The transcript below is from the video “Bruce Lee Myths You Believe” by Grunge.

Grunge (Brian P. Rubin, YouTube Channel for fun facts and cool tidbits on history, entertainment, science, and plenty more):

There’s no question that Bruce Lee was an extraordinary athlete, teacher, actor, and director. Even within the strictures of a 1960s TV series, The Green Hornet, his remarkable agility and grace are truly mesmerizing. Dying far too young, at only 32 years old, only adds to the icon’s tragic mystique. Along with the tragedy comes stories, so many stories of a man whose reality was more than remarkable all by itself. As detailed in Matthew Polly’s 2018 biography, Bruce Lee: A Life, there are still some myths about Lee that persist. Among them, Lee didn’t avoid alcohol because of discipline. The reality is that he didn’t like to drink alcohol because it caused an unpleasant physiological reaction, which he shared with an estimated 35 percent of Asian people.

Grunge (Brian P. Rubin, YouTube Channel for fun facts and cool tidbits on history, entertainment, science, and plenty more):

Even after a few sips, Lee would become flushed and nauseous, with sake as the only exception. He did, however, enjoy other substances, specifically cannabis. After a long day of training at home, Lee would head out to the garage for a marijuana cigarette, eventually moving on to hashish, which he would reportedly carry with him in small bags and pouches to chew on throughout the day. When asked why he got high by a fellow martial artist, Lee replied, ‘It raises the consciousness level.’ Occasionally, that level was too high for training partners. Polly cites a judo expert who allegedly stopped training with Lee, quote, ‘because he was sick of all the pot smoke swirling around.’ Lee’s surprisingly cavalier attitude towards pot also translated to his look, for a time, as he embraced a hippie aesthetic.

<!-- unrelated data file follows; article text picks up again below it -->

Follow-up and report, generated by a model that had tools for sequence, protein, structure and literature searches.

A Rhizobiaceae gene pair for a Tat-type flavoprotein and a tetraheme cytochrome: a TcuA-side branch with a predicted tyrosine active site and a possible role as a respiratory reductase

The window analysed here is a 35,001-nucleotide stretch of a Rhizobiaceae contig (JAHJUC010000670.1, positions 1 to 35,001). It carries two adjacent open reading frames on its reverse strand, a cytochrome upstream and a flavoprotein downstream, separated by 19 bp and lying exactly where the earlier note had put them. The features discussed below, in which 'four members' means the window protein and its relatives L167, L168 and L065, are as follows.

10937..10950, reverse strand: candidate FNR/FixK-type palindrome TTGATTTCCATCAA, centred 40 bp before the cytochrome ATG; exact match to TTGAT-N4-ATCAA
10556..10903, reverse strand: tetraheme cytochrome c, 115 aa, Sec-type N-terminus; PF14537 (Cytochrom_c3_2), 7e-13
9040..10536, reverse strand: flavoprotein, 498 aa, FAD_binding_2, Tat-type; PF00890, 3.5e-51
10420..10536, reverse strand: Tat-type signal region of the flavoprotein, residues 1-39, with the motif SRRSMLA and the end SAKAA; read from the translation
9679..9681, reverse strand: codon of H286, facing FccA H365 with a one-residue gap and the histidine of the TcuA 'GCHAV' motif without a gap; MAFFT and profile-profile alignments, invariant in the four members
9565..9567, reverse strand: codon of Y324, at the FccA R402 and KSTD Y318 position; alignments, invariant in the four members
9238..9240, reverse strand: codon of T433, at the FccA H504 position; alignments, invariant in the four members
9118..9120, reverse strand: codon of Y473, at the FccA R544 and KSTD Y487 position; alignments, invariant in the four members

(Movie clip inserted for emphasis)

Kumar (Kal Penn):

“What kind of hippie are you?”

Hippie Student (Dov Tiefenbach):

“What kind of hippie am I? Man, I’m a business hippie.”

Grunge (Brian P. Rubin, YouTube Channel for fun facts and cool tidbits on history, entertainment, science, and plenty more):

Lee was known to the world as a ‘kinetic genius’, totally in touch with his body, a champion ballroom dancer able to quickly master any martial arts fighting style. There was only one obstacle in his way: learning to ride a bicycle. He was also declared medically unfit for the draft after failing his physical, perhaps for being too powerful? Jokes aside, Lee was human after all, a fact easy to forget in the wake of his ascension to mythical status. Though he was a sage, Lee was not always the picture of calm.

In a 2014 Reddit AMA, Lee’s daughter Shannon wrote: ‘He was definitely human. He also had a temper. He was also quick to anger. He wanted things a certain way and he had high standards and sometimes he could lose it. But the good thing about him was that he was self-aware. He knew when he had had a blow up and he would recover and reset and apologize and work on doing better next time.’

Grunge (Brian P. Rubin, YouTube Channel for fun facts and cool tidbits on history, entertainment, science, and plenty more):

Another human element lost in his legend is the reality of his path to America. According to Matthew Polly, he is often portrayed as a, quote, ‘impoverished immigrant who came to America to make it big’ But Lee actually came from a very reputable Hong Kong Family with its own chauffeur and two live-in maids. His father was a Chinese opera star, which helped Lee secure an early foothold as a child actor. By the time he had arrived in the US, he’d appeared in around twenty films.

Another famous myth that Polly debunks is that the TV Western/Martial Arts hybrid series Kung Fu was created by Bruce Lee, before being stolen away from him. Instead, as Polly told Entertainment Weekly, ‘It was written by two Jewish comedy writers from Brooklyn, Ed Spielman and Howard Friedlander. Lee did audition for the lead role, but that ended up going to David Carradine instead.

Grunge (Brian P. Rubin, YouTube Channel for fun facts and cool tidbits on history, entertainment, science, and plenty more):

As for that very premature death, there are some pretty wild ideas out there about what really happened. Was Lee actually killed in some mysterious, arcane, possibly mystical fashion? Had his popularity betrayed ancient secrets of the martial arts? Part of the source of all these conspiracy theories is that Lee died in the apartment of an actress to whom he was not married. However, he definitely wasn’t assassinated. The actual cause of death was a cerebral edema, but the source of the condition is unknown. Some have suggested that he was allergic to aspirin, which he’d taken for a headache, but Polly believes the underlying cause was actually heat stroke. Lee had been intensively rehearsing action sequences for the movie he was shooting, on the hottest day of the month in tropical Hong Kong. According to Polly, ‘I’m fairly certain it wasn’t ninjas.’

Check out one of our newest videos right here. Plus, even more Grunge videos about classic stars are coming soon. Subscribe to our YouTube channel and hit the bell so you don’t miss a single one.




Watch The Video Below!

Train Hard, Fight Easy!

Wall Bag